Approach off-MLS property listings with caution

January 29, 2016

 

million dollar homeWhether you plan to buy or sell a home in 2016, you can expect to hear the terms “pocket listing”or “off-MLS listing” bantered about. Those are properties that are for sale but not posted on the Multiple Listing Service.

michael blower

Michael Blower

In most off-MLS cases, the seller is choosing to market the property more privately. In other cases, the agent is recommending an off-MLS strategy because she believes she can secure a buyer and top selling price through her networks.  

Pocket listings are becoming less of an insider’s game, and with inventory of available properties still an issue for interested buyers, data shows it pays for both buyers and sellers to understand the pros and cons of this industry practice.   

What are the advantages of listing a home off the MLS? Sellers of high-end properties, high-profile individuals and the elderly are typically the ones who favor the privacy afforded by off-MLS listing strategies. The property is only shown to screened, qualified buyers and the sale of a home is kept private.

Other sellers simply want to avoid being inconvenienced by a parade of “lookers” who may not actually be qualified buyers.

For buyers, pocket listings may mean reduced competition on a property. With inventories still tight in many areas, it may mean a bonanza for those frustrated with losing bidding wars.

At first glance off-MLS listings may seem like an acceptable strategy, but the approach can mask very real financial disadvantages. Off-MLS property marketing by nature restricts the listing’s exposure. A broker or agent shows the listing to a select group of other agents or private listing sites, hoping there is a qualified, interested buyer for the property. With less exposure, the potential for finding the right buyer is diminished.

Moreover, there are typically fewer offers, and the value of those offers may be less than what other buyers might generate. The actual numbers are startling: across several California counties, in 2015, properties listed on the MLS on average sold for nearly 30 percent more  than those listed off-MLS.

Total volume of sales for homes listed on the MLS averaged nearly four times the number sold off-MLS.

Statistics aside, there are noteworthy concerns about off-MLS listing practices. Brokers or agents may push a seller to list his property in this manner because they already have a buyer that they represent who is looking for a home, and they can orchestrate a quick sale. While the prospect of a quick sale can be enticing, remember that it means your property may not command the same offer price as if it were broadly exposed on the MLS.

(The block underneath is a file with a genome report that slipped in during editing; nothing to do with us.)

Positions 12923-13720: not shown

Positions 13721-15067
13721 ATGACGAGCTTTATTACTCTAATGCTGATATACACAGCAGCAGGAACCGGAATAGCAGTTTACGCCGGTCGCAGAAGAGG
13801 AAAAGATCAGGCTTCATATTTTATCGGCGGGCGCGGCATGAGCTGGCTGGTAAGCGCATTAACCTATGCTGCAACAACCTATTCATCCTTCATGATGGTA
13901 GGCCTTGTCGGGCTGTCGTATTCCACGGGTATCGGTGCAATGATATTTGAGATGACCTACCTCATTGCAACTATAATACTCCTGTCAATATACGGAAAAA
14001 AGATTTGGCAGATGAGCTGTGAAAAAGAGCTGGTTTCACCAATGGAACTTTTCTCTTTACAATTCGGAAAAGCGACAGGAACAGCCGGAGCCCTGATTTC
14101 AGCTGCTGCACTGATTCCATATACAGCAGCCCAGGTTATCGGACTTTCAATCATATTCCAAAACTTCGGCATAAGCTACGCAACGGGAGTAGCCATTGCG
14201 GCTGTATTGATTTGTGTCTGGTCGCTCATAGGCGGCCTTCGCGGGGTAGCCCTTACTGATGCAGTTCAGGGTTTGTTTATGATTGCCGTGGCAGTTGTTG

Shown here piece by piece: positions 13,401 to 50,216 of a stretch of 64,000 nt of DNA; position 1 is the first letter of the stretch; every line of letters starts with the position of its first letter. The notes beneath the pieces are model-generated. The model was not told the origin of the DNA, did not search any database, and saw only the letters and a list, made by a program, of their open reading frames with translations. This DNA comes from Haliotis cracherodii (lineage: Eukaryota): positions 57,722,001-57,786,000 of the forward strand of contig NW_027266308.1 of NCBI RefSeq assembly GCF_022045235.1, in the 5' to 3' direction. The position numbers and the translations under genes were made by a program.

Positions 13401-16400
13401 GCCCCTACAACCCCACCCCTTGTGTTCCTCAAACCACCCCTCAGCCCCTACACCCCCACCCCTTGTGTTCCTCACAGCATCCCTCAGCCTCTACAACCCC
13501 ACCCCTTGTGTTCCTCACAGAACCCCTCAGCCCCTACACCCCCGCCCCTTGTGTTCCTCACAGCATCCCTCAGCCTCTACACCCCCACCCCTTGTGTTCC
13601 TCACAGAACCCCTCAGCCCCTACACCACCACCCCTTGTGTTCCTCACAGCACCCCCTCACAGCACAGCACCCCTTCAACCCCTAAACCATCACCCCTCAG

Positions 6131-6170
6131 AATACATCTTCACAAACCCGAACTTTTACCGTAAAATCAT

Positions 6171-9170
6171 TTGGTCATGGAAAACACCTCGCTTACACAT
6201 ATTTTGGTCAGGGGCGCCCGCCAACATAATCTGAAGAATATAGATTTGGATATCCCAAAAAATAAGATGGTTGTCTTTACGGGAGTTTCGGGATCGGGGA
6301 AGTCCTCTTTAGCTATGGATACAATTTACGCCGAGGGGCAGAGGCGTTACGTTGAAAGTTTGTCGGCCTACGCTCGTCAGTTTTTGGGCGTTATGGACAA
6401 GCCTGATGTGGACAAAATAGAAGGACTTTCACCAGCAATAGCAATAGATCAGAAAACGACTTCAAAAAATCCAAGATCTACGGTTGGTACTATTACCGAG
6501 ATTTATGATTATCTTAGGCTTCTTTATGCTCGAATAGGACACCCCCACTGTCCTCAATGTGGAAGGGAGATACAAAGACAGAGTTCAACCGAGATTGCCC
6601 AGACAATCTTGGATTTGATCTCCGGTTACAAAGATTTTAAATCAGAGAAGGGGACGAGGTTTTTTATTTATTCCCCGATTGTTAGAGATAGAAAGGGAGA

On the flip side, if you’re the buyer, how confident would you be in the price your agent is suggesting you offer?

Brokers and agents may offer to charge less commission if you agree to list your property off the MLS, but commissions are always negotiable. Before you get too tempted by the promise of paying a lower commission, make sure it won’t be to the detriment of your sales price.  

State law does not require agents to list properties on the MLS, nor does it prohibit brokers from earning a commission from both the seller and buyer in a real estate transaction. It does, however require “informed consent.” In fact, there is a section in the California Association of Realtors residential listing agreement emphasizing the benefits of listing on the MLS and warning about opting out.

Real estate professionals have a fiduciary responsibility to serve the best interests of their clients. The agent or broker must seek out and present all offers to sellers, and identify all possible listings that meet a buyer’s criteria. In fact, California law states that listing agents must use the “utmost care, integrity, honesty, and loyalty” when dealing with their seller and they cannot use their position for individual advantage.  

At the end of the day, the decision to list off-MLS is up to the seller. Off-MLS listing practices may drastically reduce exposure to the full pool of potential buyers and discourage multiple offers, which could dramatically reduce your chance to get the best price for your property.  

Selling a home is a big deal. Even if you have a strong real estate professional at your side, it’s important to know the right questions to ask at every step of the process.  

Michael Blower is president of the Central Valley Association of Realtors and an agent with Grupe Real Estate. You can reach him at mblower@gogrupe.com.

2 Responses to Approach off-MLS property listings with caution

  1. Greg Reply

    September 16, 2016 at 2:37 am

    The MLS is a Mafia!

  2. Eric Trailer Reply

    May 3, 2017 at 4:15 pm

    This article clearly suggests that 25% of “the market” (we’ll get to that shortly) is off MLS. Ok. That’s $250B (yes, $250,000,000,000) in real estate sold off the MLS systems (and there are 850 of them and they all don’t play nice with one another). That’s not insignificant. Further, the research suggested is wrong.
    40% of off-MLS listings are due to inconvenience, making that concern #1. Then you have privacy, test-the-market, withdrawn/cancelled and other. Five reasons why property is off-MLS.
    Fiduciary is best supported when you have all the data. Excluding important data like off-MLS properties and vetted buyers is a HUGE failure in fiduciary.
    Producers Forum was created to solve this issue. A similar version is in the works.
    Stay tuned.

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